It would be hard to overstate the importance of Wall Street within the New York primary. More than half of the active Democratic voters likely to participate in the ballot live in New York City, and within the boundaries of the five boroughs the financial services industry accounts for almost one in 10 private sector jobs and nearly a third of the payroll equivalent to a total of one million of New York Citys private sector jobs.
That doesnt mean that all those jobs and all that money are going to those titans of Wall Street who were in the room with Frank. Much of the economic activity goes to relatively low-paid service workers who support the financial sector, such as healthcare, food and retail workers.
Financial services form a big voting bloc, but people who work at the lower end of the industry and in the support services may well be Bernie fans, said Paul Ryan, a fully signed-up member of that elite club, Bankers for Bernie. Ryan, a managing director at Tripoint Global Equities, an investment bank that works with small businesses, believes that the physical presence of Wall Street and the ostentatious wealth that flows from it through Manhattan provide ample evidence that Sanders radical policies are right.
New Yorkers are particularly well positioned to see how the rich are screwing over everybody else. You just have to look at real estate prices people will take a look at whats happening across the city and a certain number will be disgusted by it: Bernie speaks to them, he said.
Ryan said his work with smaller companies, who continue to find it much harder to obtain finance than big corporations in the wake of the 2008 crash, has set him apart from most of his peers and made him more amenable to Sanders call for a Wall Street shake up. These past few years havent been good for my clients as nobody is talking about meaningful policies to reinvigorate small business and manufacturing, he said.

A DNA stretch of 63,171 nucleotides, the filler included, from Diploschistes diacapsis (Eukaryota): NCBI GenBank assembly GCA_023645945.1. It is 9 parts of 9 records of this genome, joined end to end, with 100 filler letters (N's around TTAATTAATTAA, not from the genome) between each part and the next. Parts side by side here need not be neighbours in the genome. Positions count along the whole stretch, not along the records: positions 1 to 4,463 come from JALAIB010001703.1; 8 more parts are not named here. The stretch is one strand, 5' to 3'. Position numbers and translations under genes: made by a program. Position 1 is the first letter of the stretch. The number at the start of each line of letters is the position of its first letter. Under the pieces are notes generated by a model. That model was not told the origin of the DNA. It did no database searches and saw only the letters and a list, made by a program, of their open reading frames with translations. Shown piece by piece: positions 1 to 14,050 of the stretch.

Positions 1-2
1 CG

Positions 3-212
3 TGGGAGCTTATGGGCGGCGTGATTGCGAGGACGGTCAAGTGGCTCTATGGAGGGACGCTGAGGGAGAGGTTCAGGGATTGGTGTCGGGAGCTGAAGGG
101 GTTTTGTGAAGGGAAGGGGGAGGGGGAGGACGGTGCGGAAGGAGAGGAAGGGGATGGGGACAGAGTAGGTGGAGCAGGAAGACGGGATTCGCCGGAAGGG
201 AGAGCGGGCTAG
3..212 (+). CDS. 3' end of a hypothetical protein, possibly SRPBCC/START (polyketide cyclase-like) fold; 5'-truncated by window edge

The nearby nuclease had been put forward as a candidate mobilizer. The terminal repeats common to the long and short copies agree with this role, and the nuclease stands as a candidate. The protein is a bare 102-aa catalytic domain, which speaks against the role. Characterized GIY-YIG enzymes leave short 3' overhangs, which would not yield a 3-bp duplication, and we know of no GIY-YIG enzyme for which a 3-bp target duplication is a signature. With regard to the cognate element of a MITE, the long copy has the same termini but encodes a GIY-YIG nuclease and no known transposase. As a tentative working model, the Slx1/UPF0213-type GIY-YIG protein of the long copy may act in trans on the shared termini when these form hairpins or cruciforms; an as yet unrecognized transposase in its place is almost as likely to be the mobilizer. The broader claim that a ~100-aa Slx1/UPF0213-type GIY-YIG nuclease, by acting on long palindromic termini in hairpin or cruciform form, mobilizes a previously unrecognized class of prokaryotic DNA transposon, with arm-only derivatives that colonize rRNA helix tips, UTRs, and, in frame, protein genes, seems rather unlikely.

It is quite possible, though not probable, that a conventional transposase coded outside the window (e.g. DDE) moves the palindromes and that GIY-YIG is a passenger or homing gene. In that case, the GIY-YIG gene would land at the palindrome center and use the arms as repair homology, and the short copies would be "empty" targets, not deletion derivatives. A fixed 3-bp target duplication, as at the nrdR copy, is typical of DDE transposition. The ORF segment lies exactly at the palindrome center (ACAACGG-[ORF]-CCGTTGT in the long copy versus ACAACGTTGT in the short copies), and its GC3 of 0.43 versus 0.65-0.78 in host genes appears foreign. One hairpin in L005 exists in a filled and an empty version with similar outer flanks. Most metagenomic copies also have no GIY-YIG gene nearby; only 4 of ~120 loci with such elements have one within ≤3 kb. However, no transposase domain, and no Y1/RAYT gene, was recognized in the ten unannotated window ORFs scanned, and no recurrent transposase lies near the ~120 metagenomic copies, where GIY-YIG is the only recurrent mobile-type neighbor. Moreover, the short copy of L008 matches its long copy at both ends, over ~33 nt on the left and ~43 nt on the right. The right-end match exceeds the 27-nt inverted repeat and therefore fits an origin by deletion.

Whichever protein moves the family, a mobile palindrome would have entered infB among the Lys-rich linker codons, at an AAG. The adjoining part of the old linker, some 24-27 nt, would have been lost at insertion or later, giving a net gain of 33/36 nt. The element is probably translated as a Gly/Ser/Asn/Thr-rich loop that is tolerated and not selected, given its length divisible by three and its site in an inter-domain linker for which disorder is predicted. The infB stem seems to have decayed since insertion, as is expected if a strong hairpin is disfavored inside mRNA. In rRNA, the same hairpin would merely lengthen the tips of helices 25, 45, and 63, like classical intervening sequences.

Ryan admits there is an element of self-interest in his support for Sanders in that his investment firm depends on the financial health of its clients who are hurting. But he also insists that his unusual position as a financier who wants to see major change on Wall Street comes from something more fundamental in him: Conscience. I have a conscience. We have gone so far down the road of Reagan economics weve ended up in downright cruelty. Thats why Bernie must win.
In the case of Wade Black, COO at the boutique investment banking firm Scarsdale Equities, it was the experience of watching the financial world suffer serial convulsions that turned him into a Banker for Bernie.
Im 42. In my relatively short career on Wall Street, Ive watched us lurch from crisis to crisis from the Mexican peso crisis of 1994, the dot-com bubble, post-9/11 without exactly learning our lesson.
After all that, Black came to the conclusion that capitalism works better if we dont have a class of banks who take all the reward and none of the risk. And like Ryan, he thinks the fallout of that disparity is written all over New York city.
Just look at the city and you see the problem writ large. Income inequality in New York is huge you just have to walk around Queens and Brooklyn to see whats going on. Its unsustainable.
Asked to describe how he came to feel the Bern, Black said that his anxieties about the industry in which he has worked all his life grew out of his questioning of American politics. I developed a dissatisfaction with establishment politics, he said, adding that in 2012 he voted for neither Barack Obama nor his Republican challenger Mitt Romney.
Then in 2014, Michael Lewis book Flash Boys: A Wall Street Revolt helped to pull the scales from off my eyes. It showed me that the regulatory structure was rigged and I could no longer ignore that.